Derbyshire Fire and Rescue Service has spent more than £3.3m on vehicles in the last three years, which includes splashing out almost £300,000 on four trucks used to rescue obese people.
A Freedom of Information request by the Derbyshire Times shows the fire service spent a total of £3,319,490 between 2013 and 2015.
Last year, £307,538 was spent on 25 vehicles, including seven cars, 17 vans and one fire appliance vehicle which cost almost £69,000.
In 2014, £311,847 was spent on 16 vehicles, including 14 vans and a special appliance (water carrier), costing £157,509.
And in 2013, a huge £2,700,105 was lumped on 25 vehicles, including two aerial ladder platforms costing £637,152 each, and four Unimog vehicles - which are used to rescue obese people and animals - costing more than £282,000 each.
Jonathan Isaby, chief executive of the TaxPayers’ Alliance, said: “This is a worrying amount to be spent on a single vehicle. Obesity may well be a problem but when authorities are having to find necessary savings it does beg the question if this really can be the best use of taxpayers’ money.”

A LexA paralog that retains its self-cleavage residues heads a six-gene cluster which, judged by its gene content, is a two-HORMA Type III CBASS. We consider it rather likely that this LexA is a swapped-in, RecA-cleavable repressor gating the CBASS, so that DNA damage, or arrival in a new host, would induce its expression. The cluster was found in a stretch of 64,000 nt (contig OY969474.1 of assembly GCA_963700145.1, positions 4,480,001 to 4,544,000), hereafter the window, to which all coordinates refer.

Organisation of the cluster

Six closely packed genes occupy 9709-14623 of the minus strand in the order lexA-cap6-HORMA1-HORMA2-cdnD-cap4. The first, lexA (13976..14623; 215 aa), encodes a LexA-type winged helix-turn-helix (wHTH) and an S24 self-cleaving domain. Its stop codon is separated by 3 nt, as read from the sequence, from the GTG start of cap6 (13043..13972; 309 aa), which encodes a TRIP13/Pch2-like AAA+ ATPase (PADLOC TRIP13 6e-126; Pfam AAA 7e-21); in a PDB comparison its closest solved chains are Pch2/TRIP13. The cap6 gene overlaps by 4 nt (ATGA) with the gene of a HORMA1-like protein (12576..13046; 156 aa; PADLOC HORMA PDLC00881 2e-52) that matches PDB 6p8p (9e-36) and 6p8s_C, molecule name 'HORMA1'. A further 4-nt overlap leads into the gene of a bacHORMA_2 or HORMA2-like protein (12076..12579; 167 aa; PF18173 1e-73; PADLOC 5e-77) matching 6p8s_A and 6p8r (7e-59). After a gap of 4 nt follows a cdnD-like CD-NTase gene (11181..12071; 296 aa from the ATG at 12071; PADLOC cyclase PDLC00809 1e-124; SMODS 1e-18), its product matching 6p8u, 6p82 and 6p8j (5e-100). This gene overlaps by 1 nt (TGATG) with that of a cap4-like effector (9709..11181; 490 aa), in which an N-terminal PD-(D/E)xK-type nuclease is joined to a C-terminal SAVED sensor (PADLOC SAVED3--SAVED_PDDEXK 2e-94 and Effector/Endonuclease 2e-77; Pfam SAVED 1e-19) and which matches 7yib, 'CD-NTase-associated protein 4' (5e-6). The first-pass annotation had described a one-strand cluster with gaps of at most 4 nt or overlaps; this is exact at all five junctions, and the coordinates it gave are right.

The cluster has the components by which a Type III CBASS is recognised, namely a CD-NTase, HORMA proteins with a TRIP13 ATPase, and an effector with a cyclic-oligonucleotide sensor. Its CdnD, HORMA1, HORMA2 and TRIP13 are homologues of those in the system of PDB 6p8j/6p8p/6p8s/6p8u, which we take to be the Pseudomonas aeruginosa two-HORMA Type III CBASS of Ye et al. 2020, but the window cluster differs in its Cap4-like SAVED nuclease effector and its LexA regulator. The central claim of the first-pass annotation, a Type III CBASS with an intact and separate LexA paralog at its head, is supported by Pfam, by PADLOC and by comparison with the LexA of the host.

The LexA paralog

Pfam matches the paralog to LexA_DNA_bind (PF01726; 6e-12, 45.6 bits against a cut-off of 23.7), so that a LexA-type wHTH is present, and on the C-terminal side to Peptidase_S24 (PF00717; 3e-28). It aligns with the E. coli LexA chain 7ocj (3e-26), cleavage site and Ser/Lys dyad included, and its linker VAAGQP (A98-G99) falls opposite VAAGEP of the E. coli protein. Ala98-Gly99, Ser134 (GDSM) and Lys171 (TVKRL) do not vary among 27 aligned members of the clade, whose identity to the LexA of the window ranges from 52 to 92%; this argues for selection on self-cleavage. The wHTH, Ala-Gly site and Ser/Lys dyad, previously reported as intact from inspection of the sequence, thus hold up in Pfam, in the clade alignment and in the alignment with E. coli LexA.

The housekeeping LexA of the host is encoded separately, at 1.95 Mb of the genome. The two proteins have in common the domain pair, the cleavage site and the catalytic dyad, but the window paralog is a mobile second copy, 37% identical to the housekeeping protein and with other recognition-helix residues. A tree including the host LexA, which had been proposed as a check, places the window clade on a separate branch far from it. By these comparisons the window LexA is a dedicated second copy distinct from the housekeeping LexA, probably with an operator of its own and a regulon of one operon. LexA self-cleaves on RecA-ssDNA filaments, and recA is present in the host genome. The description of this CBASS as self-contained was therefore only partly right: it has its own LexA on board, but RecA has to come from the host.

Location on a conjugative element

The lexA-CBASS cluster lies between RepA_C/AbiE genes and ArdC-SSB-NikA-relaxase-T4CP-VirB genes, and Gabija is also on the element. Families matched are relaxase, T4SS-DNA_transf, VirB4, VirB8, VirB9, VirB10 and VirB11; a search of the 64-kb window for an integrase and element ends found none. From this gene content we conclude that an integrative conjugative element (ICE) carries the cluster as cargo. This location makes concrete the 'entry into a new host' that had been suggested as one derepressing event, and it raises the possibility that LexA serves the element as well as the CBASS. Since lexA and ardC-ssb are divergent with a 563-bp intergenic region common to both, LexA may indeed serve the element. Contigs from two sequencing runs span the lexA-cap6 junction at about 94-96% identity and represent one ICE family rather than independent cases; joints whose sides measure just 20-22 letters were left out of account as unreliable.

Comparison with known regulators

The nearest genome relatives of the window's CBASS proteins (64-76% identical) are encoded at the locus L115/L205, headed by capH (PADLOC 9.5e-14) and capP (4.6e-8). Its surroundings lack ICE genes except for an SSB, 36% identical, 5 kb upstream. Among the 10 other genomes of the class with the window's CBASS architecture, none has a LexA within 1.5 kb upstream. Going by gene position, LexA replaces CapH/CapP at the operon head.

Defending the purchases, a spokesman for DFRS said: “The cost of any vehicle is carefully considered before purchase.
“A robust purchasing procedure ensures that best value is sought when considering and purchasing any service vehicles.
“The service has moved away from leasing vehicles where it is proven best value to purchase the vehicles outright and then sell them on at the end of their period of use. A generous subsidised purchase scheme is in place with many of our fleet providers whereby the service benefits from significant discounts against retail list prices.”
The Unimog is used primarily for large animal rescues, however its capability to lift heavy objects and travel over difficult terrain with its 4x4 wheels.”
It has been used 25 times since January 2015, with 17 animal rescues, three bariatric rescues, four rescues of people from water and one person who was trapped.
DFRS have attended 53 incidents involving obese people since 2013.